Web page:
Hamid is an achingly beautiful film about love, loss, faith, duty, and keeping humanity alive in a
climate of injustice and dangerous politics. Adapted from Mohd. Amin Bhat’s play ‘Play Phone No
789’, the film follows a seven-year-old Hamid (Talha Arshad Reshi) in Kashmir, trying to find his
footing in a world where his father has gone missing. Unable to comprehend the implications of his
father being taken by the police, or his mother’s (Rasika Dugal) isolating grief as a half-widow, Hamid
embarks on a quest to get his father back. When told that his father is with Allah, Hamid puts two
and two together, and calls Allah’s number – 786. His call is answered by a CRPF officer, Abhay (Vikas
Kumar) who decides to play along, and an unlikely connection blossoms between the diametrically
In recent years, without a doubt, if there ever was a region creatively and emotionally exploited by
filmmakers, “hami asto, hami asto, hamin ast” (it is here, it is here, it is here). Kashmir has become a touchstone for
creating darker, more relevant content for artists, focused on emotionally overwhelming their
audiences rather than actually tapping into and depicting the raw reality of Kashmir.
Hamid manages to never lose sight of the issues that allow its protagonists’ story to exist, without
continually exploiting them. The film rests on Hamid’s belief that his father is in “jannat” with God,
but everyone other than the young boy is painfully aware that his father is merely a casualty of the
conflicts in “Jannat-e-Kashmir”. Hamid, his parents and their story are casualties of Kashmir’s
trauma; his grief is almost an archetypal one – part of a collective subconscious of the Valley. The use
of a child’s lens to view dark and traumatic events isn’t a new concept, but Hamid never treats its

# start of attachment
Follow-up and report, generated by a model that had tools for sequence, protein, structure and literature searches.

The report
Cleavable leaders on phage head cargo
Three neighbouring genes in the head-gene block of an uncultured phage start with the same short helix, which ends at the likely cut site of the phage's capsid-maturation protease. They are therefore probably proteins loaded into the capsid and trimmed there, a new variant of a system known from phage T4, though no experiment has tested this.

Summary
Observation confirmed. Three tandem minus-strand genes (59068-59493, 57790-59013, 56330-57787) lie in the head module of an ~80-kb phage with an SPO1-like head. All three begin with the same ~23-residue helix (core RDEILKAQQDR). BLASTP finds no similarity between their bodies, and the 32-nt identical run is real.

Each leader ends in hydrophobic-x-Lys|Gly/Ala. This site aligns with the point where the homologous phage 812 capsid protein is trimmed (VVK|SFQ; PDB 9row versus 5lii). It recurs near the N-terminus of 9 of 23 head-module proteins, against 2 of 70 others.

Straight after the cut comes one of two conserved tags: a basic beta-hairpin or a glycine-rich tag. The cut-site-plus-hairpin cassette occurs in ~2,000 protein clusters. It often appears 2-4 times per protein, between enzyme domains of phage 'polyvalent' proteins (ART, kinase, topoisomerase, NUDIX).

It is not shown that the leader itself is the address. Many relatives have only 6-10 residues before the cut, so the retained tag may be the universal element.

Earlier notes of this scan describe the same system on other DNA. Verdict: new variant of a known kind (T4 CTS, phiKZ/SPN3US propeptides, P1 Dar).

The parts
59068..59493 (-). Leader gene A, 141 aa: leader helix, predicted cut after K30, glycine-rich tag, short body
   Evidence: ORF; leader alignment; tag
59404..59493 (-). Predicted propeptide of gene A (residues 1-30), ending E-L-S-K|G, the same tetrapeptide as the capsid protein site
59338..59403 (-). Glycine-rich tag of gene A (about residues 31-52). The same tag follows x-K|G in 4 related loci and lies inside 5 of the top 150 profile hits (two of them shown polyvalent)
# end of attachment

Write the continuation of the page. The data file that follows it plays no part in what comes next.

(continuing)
foundational concept as something unique or ingenious.
The cinematography is wonderful, bringing something novel to even the cliché, quintessential
'Kashmir shots'. As engaging as Hamid’s humorous naivety and heart-breaking determination is, the
film dominated by long shots engulfs him in Kashmir’s expansive greenery and tumultuous politics.
Rasika Dugal’s performance is phenomenal; every posture, every expression and every move
exude destitution and resilience, anguish and numbness, heart-break and anger, all at once. Reshi is an impeccable Hamid; he plays the part of an innocent and stubborn child with
surprising maturity and intuitiveness.
The film truly is heart-breaking; I’ve watched it thrice in the span of a year, and I’ve never managed
to hold back my tears when Hamid reads out a letter he’s written to his father, begging him to
return, when talking to “Allah” on the phone.
What is even more heart-breaking, however, is the
fact that when Hamid won a National Film Award for best Urdu film and best child actor in August
2019, the filmmakers were unable to communicate the celebratory news to young Talha Arshad
Reshi – a resident of Kashmir - owing to the state-wide lockdown and internet shutdown in the
The helpless anguish depicted in the film extends to reality, especially today, when Kashmir’s
state of affairs has so quickly barrelled out of control.
Like most films based on Kashmir, the conventional happy ending is not possible for a film like
Hamid, as there hasn’t been a happy beginning, middle, or end for Kashmir. Giving in to the grief,
burying the past, and moving on seems to be the only form of closure a film like Hamid can offer to
its characters and viewers.
Written by Sanjana Bhagwat